The lame feet of salvation; at night he remembers freedom
And flies in a dream, the dawns ruin it.

He is strong and pain is worse to the strong, incapacity is worse.
The curs of the day come and torment him
At distance, no one but death the redeemer will humble that head,

The intrepid readiness, the terrible eyes.
The wild God of the world is sometimes merciful to those
That ask mercy, not often to the arrogant.

You do not know him, you communal people, or you have forgotten him;
Intemperate and savage, the hawk remembers him;
Beautiful and wild, the hawks, and men that are dying, remember him.

II

I'd sooner, except the penalties, kill a man than a hawk;
but the great redtail
Had nothing left but unable misery
From the bone too shattered for mending, the wing that trailed under his talons when he moved.

We had fed him six weeks, I gave him freedom,
He wandered over the foreland hill and returned in the evening, asking for death,
Not like a beggar, still eyed with the old
Implacable arrogance.

I gave him the lead gift in the twilight.
What fell was relaxed, Owl-downy, soft feminine feathers; but what
Soared: the fierce rush: the night-herons by the flooded river cried fear at its rising
Before it was quite unsheathed from reality.

It’s not accidental that many team mascots are birds of prey, because they symbolize a freedom and independence many of us can only dream of, not to mention their place near the top of the food chain, especially important in sports, though perhaps less important in real life.

That said, I’m still a little uncomfortable with the lines “I'd sooner, except the penalties, kill a man than a hawk.” and “You do not know him, you communal people, or you have forgotten him.”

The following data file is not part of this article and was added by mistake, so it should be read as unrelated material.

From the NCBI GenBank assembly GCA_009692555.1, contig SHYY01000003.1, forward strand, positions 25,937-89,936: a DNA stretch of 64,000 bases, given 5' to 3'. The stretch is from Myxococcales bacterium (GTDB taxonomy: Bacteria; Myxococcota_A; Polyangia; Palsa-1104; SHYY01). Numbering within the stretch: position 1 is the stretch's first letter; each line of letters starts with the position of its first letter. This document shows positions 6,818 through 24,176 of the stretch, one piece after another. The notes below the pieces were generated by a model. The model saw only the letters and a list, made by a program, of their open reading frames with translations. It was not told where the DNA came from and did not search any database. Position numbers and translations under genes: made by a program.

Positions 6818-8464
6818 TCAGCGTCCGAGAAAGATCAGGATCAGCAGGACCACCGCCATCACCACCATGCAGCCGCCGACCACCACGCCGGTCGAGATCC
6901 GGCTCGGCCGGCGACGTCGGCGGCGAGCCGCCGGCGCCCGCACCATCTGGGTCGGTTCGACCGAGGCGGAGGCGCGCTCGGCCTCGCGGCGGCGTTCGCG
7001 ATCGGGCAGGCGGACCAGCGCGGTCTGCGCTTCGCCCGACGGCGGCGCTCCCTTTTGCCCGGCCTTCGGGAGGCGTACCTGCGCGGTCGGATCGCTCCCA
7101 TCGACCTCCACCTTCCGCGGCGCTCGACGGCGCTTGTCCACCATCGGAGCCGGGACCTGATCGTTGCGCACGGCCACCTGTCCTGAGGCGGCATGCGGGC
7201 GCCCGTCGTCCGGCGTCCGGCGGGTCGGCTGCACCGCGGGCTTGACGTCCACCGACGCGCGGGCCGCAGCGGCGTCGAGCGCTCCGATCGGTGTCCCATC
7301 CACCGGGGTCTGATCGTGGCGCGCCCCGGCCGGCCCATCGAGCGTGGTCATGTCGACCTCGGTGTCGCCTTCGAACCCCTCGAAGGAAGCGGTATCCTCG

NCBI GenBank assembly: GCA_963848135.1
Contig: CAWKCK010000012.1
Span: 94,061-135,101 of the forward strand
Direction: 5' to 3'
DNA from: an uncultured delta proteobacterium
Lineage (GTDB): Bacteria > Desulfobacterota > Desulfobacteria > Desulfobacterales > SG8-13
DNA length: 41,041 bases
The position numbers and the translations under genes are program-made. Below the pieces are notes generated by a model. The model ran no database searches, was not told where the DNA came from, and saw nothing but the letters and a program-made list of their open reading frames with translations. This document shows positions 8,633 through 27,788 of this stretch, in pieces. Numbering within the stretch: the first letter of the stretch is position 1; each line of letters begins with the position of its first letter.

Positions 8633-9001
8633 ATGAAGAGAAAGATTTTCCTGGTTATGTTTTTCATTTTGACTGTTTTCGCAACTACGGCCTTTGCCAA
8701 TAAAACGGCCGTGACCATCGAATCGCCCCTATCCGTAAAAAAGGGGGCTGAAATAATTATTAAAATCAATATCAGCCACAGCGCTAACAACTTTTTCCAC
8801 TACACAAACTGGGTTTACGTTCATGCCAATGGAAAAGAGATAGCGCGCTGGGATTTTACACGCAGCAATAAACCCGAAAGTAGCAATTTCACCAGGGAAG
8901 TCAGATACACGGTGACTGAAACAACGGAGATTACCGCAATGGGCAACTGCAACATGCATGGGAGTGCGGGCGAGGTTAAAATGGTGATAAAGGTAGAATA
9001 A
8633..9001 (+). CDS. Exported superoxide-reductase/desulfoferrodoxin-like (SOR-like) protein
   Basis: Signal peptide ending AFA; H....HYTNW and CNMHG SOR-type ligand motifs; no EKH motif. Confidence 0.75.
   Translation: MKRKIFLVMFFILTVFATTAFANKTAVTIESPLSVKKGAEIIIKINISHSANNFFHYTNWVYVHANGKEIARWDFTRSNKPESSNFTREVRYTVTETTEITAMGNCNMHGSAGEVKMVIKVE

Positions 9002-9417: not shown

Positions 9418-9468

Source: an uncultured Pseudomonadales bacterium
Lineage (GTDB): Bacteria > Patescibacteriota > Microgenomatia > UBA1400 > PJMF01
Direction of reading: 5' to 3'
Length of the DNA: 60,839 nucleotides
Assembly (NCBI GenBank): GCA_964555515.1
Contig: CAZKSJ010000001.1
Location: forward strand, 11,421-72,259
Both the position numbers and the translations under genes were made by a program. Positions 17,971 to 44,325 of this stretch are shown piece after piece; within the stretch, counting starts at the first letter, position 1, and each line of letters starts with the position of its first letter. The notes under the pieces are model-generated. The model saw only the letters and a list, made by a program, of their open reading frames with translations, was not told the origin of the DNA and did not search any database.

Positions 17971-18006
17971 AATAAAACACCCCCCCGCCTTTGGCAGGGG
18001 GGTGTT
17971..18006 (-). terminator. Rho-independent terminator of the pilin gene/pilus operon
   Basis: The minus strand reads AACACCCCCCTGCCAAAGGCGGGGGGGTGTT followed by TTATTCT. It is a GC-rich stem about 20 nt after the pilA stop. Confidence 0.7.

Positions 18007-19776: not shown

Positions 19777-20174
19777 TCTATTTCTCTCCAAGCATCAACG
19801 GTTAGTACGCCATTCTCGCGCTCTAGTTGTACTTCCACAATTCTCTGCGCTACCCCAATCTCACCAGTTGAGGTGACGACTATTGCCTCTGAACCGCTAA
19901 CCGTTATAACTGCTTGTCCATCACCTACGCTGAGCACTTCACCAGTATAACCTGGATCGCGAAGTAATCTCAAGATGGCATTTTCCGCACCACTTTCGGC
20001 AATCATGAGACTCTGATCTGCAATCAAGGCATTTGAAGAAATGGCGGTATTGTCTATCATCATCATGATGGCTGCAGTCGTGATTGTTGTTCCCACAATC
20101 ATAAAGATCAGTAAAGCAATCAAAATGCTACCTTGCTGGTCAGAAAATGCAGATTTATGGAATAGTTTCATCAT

I’ll have to admit that I identify with the first line to a certain extent. I’ve said that I’d be more apt to kill a man than a deer, at least a man who was breaking into my house or one who threatened me. I can’t imagine any circumstances, other than hitting one on the highway, where I’d kill a deer. I’m afraid if I had to do my own personal killing, I’d be limited to eating fish and vegetables. The more bothersome phrase is “except the penalties,” for I can’t imagine wanting to kill a man where there would be penalties.

The other line, the one about “you communal people” is even more bothersome because it would seem to imply that most people aren’t as noble as a hawk because they depend on each other. I suppose that would mean that wolves are inferior to hawks, too, because they run in packs. Or that a Red-Tail Hawk is superior to a crow because crows flock together.

I value my independence as much as anybody I know, sometimes to the point of annoying others that I truly love, but I still recognize the common good as more important than my own personal good.